NFL Analysis


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What We Learned: Six Takeaways from Super Bowl LVII Opening Night

Imagine Vince Lombardi and Hank Stram, or Chuck Noll and Tom Landry getting together with each other and players from both teams for a night of fun and laughs during the week of the Super Bowl.

Yeah, we can't either. But that was then, and this is now. Super Bowl LVII week got off to a roaring start Monday with Opening Night in Arizona, and the Philadelphia Eagles and Kansas City Chiefs clearly enjoyed themselves.

Here were some of the highlights:

Mama Kelce Brings Snacks

Not that there was much doubt, but the Kelce brothers absolutely packed their senses of humor on their trips to Arizona. Eagles center Jason Kelce and Chiefs tight end Travis Kelce took center stage, but their mother Donna, who Travis quipped was the real star, joined them on the NFL's glow-in-the-dark, boxing ring-like stage and brought them homemade cookies.

When asked what her plan was for Sunday's big game, she replied, "The plan is to scream really loud every time somebody has the ball. … It's just amazing that they've both been able to get to this point in their careers and both enjoy the Super Bowl together." 

Kelce-on-Kelce Competitions Run Deep

It was only a matter of time before the brothers' competitive fires came to the forefront.

"It's an incredible moment for me and our family," Jason said. "Whoever wins this one is going to have the ultimate bragging rights. We're always rooting for each other, I always want him to do well. But I would sure love to get this one over his head and have at least something on top of him."

Travis, too, was willing to enjoy Monday's moment, fully aware that someone's smile will disappear, at least temporarily, on Sunday night.

"It's a dream come true. It's just cool for my family to have this much fun," he said. "It's not going to be fun for one of us at the end of the day, but it's fun right now."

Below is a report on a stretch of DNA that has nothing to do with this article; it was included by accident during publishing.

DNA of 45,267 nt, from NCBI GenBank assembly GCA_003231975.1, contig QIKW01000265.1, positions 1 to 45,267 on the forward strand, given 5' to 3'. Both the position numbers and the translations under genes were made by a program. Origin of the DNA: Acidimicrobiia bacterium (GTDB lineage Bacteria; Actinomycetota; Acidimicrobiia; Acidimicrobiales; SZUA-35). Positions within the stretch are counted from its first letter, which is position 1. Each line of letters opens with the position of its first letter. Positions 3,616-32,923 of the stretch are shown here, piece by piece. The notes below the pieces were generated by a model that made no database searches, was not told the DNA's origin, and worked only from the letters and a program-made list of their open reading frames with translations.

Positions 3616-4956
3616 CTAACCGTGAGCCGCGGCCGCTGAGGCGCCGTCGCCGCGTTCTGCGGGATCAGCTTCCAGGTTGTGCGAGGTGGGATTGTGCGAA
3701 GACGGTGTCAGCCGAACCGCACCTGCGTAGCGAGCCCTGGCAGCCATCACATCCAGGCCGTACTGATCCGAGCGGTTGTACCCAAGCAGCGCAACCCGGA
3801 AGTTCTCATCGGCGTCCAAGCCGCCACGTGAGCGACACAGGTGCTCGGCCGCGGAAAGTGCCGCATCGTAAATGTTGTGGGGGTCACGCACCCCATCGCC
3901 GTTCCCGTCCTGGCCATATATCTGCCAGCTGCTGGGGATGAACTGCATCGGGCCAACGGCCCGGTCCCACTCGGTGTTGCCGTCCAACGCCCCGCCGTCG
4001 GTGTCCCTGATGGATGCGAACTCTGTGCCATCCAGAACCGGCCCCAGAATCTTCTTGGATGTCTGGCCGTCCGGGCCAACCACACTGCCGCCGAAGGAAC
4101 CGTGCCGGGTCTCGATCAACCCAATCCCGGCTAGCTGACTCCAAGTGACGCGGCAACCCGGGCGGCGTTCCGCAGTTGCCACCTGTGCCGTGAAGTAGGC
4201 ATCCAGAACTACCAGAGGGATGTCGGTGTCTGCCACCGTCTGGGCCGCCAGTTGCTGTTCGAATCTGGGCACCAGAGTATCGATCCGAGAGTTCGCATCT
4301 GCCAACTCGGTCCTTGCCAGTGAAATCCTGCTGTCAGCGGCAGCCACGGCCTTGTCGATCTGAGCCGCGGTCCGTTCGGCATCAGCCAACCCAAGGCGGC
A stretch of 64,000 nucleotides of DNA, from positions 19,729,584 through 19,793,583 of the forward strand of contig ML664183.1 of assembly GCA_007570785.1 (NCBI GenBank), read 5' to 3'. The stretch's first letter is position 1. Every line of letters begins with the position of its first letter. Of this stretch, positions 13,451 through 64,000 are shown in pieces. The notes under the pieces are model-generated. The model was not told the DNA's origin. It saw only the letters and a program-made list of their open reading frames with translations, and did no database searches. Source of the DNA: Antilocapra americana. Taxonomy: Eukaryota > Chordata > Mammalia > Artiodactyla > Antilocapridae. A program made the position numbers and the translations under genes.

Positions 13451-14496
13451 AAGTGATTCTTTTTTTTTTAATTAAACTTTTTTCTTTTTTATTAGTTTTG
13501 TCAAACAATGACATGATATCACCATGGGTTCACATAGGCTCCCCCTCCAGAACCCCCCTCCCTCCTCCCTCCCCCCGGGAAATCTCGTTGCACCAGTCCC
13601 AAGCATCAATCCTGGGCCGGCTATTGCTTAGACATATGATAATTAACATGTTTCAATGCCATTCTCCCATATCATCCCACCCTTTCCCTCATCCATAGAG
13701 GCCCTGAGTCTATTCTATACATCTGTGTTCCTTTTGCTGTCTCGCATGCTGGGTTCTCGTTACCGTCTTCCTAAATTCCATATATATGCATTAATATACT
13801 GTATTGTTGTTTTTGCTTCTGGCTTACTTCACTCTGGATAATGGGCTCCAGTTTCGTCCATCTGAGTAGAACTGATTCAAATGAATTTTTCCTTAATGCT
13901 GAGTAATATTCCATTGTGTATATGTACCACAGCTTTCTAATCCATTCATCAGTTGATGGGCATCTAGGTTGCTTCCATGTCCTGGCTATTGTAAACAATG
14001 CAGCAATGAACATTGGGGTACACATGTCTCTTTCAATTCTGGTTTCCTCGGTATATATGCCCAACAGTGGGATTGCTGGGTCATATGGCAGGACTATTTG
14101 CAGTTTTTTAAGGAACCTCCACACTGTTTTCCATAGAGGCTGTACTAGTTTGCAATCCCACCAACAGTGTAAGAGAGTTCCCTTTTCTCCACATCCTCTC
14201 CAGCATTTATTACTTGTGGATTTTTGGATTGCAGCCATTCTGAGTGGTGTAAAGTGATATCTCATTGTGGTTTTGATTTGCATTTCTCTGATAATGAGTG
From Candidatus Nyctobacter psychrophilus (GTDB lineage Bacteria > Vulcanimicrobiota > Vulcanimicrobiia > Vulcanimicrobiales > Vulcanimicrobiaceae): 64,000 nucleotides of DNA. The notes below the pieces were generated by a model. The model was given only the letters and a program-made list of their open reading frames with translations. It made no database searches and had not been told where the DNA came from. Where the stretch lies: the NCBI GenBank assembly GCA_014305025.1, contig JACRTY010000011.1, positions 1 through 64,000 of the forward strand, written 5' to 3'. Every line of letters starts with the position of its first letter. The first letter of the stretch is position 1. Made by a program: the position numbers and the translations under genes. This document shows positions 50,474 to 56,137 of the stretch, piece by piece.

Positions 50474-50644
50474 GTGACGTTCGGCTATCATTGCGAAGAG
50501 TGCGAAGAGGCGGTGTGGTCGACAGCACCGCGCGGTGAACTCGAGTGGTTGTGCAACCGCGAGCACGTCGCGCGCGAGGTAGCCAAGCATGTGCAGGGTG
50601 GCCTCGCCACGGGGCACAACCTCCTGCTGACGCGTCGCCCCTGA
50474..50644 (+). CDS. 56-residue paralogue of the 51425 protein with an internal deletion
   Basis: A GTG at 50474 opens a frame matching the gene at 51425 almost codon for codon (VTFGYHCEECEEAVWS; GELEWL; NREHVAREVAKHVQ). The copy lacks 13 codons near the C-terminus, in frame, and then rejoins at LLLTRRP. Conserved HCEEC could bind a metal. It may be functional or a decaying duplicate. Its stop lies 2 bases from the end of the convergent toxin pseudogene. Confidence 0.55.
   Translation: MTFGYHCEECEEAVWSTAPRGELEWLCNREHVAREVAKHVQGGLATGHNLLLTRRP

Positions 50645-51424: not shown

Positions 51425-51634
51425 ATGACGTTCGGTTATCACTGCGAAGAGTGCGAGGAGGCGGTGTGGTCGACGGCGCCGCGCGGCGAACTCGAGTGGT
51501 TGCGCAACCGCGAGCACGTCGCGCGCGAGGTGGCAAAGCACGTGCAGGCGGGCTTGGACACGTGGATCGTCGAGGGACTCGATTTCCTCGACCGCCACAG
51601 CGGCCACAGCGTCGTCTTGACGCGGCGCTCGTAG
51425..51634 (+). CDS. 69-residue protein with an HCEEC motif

Travis later elaborated on how competing against his older brother taught him some important life lessons.

"What he did do, he gave me a cool perspective on how to beat someone that's better than you," Travis said. "I got to learn the mind game at a different level as a younger kid. He's helped me get to where I'm at, but he got the majority of the wins."

And when Jason didn't win?

"My brother's definitely a worse loser than me," Travis added. "I'll take a few losses on the chin. My brother, if he loses, you better stay out of that big dog's way. He's a fired-up dude. He puts a lot of passion into this thing."

The topic then changed to beards, as in which brother's is better.

"Jason's starting to change color on him. Mine's coming in," Travis noted. "I'm still in my prime. I think his beard has gone out of prime. He's got to go full white to finally be that much better."

Eagles Rely on Super Powers

Jason Kelce has had a profound impact on the Eagles' dominant offensive line. So much so that tackle Jordan Mailata's respect for his center, and the inspiration he's drawn from him, has reached super-hero proportions.